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Write an applet which displays the interface for the program described below. When the applet is executed it will display the screen in the appropriate layout, and responds to the user's actions.

The program simulates a student management system having the following characteristics:

The interface is attractive, very user friendly, intuitive (i.e. acts as someone would expect it to act), and reasonably realistic. It must accept the student id,name,age,address,date of birth,gender,blood group etc from the user and save it in MS Access database. + email Id,phone no.,level.

The interface uses command buttons to (i) add,edit,delete,update and cancel the records, (ii) to navigate the records forward or backward (iii) to move directly to first record or last record. The number of records entered should be displayed using a report when the user presses a "report" button.

Initially make all fields not visible or gray it out.

In the interface appropriately use at least one set of "radio buttons" and at least one "drop-down list". Make appropriate use of the Layout managers.

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1  
OK, at which step exactly are you stucking? That's the question of interest. –  BalusC Nov 4 '10 at 2:08
1  
Post what you have done already. –  clyc Nov 4 '10 at 2:13
    
Please follow general question guidelines, state any special restrictions, show what you've tried so far, and ask about what specifically is confusing you. –  Roger Pate Nov 10 '10 at 3:57

1 Answer 1

You can access the MS-Access database by adding it to your ODBC sources.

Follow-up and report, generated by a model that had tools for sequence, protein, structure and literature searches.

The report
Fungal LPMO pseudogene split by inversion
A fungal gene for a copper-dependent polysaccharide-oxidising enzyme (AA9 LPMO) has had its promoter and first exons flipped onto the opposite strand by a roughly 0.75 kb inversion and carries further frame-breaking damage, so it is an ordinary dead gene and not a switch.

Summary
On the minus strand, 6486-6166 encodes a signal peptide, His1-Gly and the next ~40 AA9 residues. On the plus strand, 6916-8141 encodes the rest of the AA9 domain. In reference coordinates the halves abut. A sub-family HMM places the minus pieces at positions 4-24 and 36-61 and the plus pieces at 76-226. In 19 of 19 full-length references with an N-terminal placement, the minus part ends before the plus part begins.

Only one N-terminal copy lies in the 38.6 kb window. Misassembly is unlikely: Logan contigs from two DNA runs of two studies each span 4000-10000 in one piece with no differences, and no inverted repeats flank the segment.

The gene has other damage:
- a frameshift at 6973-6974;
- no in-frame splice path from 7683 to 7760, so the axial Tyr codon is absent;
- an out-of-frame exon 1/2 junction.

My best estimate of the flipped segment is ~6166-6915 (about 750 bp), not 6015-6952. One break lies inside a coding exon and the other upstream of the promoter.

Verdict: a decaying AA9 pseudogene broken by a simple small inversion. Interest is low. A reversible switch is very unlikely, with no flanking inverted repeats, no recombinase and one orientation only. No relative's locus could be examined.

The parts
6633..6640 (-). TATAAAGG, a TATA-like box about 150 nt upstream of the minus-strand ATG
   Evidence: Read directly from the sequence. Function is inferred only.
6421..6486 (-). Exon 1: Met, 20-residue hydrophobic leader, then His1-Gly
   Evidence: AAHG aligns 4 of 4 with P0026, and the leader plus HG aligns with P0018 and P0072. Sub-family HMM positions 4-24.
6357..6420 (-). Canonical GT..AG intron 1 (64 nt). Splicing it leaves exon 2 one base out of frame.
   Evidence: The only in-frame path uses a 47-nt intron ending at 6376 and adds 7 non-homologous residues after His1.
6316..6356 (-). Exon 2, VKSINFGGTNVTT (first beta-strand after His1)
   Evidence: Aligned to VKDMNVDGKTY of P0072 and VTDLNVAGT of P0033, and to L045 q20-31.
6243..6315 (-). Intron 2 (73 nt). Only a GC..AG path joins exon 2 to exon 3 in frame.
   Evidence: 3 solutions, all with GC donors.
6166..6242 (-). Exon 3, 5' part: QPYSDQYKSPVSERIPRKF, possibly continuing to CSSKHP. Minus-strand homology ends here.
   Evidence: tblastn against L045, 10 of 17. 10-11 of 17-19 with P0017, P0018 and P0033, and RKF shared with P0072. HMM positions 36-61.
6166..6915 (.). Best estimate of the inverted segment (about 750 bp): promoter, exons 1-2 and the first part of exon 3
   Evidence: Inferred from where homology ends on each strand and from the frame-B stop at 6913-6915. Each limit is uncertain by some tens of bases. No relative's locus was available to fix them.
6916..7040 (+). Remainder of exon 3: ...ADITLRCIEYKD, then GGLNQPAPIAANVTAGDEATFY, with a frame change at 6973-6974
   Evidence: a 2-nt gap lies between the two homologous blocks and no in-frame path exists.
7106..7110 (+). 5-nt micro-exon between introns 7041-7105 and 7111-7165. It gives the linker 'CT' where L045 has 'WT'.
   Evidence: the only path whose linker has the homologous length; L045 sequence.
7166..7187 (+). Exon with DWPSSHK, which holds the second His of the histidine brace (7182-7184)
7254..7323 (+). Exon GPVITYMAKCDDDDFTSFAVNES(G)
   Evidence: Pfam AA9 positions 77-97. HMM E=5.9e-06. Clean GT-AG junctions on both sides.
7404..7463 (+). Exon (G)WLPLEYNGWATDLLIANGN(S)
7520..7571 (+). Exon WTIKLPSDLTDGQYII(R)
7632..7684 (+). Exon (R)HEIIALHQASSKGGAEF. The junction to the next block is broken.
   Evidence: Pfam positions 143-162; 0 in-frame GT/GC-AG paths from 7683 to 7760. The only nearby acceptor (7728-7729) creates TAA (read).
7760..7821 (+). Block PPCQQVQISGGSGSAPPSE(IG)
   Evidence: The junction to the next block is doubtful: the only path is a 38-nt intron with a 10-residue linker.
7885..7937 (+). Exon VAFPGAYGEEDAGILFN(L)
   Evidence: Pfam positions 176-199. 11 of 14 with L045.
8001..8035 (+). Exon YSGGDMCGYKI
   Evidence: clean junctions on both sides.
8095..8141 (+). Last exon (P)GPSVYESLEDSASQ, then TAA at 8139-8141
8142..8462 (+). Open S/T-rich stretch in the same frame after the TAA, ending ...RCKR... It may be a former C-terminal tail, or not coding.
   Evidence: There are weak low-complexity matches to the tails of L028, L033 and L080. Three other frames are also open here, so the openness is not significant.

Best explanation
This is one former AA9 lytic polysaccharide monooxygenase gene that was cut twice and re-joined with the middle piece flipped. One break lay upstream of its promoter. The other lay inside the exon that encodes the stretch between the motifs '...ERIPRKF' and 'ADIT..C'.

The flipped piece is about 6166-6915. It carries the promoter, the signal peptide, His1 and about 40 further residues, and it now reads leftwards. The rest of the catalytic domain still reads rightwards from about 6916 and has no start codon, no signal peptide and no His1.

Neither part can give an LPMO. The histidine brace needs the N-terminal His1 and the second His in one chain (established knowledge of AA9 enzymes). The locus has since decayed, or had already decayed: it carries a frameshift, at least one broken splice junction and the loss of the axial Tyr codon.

To open Data Sources (ODBC), click Start, click Control Panel, and then click Performance and Maintenance. Click Administrative Tools, and then double-click Data Sources (ODBC).

Here is some example code that you can familiarize yourself with. Take a look at the java.sql.* related classes and methods -- you'll find almost all of your answers in there for interacting with the database. Yes, there is some hideous coupling with visual swing classes going on here (you should throw an error instead of just displaying one and forcing a system exit). Also, I think the use of the JdbcOdbcDriver is deprecated as well.

import javax.swing.*;
import sun.jdbc.odbc.JdbcOdbcDriver;
import java.sql.*;
import java.util.*;

public class SalesDB
{
    private static Connection connect;

    /**
     * Connects to the database. This method must be run before any of the other methods since
     * this method enables the connection to the database.
     */
    public static void connect()
    {

                //The 'a5q3db' is the name of the ODBC source that you added.
        String url = "jdbc:odbc:a5q3db";

        try
        {
            Class.forName("sun.jdbc.odbc.JdbcOdbcDriver");
            connect = DriverManager.getConnection(url);

        }
        catch (ClassNotFoundException ex)
        {
            JOptionPane.showMessageDialog(null, "Failed to load JDBC/ODBC driver. Program will now terminate.");
            System.exit(-1);
        }
        catch (SQLException ex)
        {
            JOptionPane.showMessageDialog(null, "Failed to connect to the database. Program will now terminate.");
            System.exit(-1);
        }

    }

    /**
     * close the database connection before the program terminates.
     */
    public static void close()
    {
        try
        {
            connect.close();
        }
        catch (SQLException ex)
        {


        }

    }

    /**
     * Runs the supplied string as a query to the database and returns the result set.
     * @param query The query with which to execute to the database.
     * @return The generated resultset from java.sql.Statement#executeQuery(String).
     */
    public static ResultSet runQuery (String query)
    {
        ResultSet result;

        try
        {

            Statement statement = connect.createStatement();
            result = statement.executeQuery(query);

        }
        catch (SQLException ex)
        {
            return null;
        }

        return result;
    }

}//End SalesDB class.
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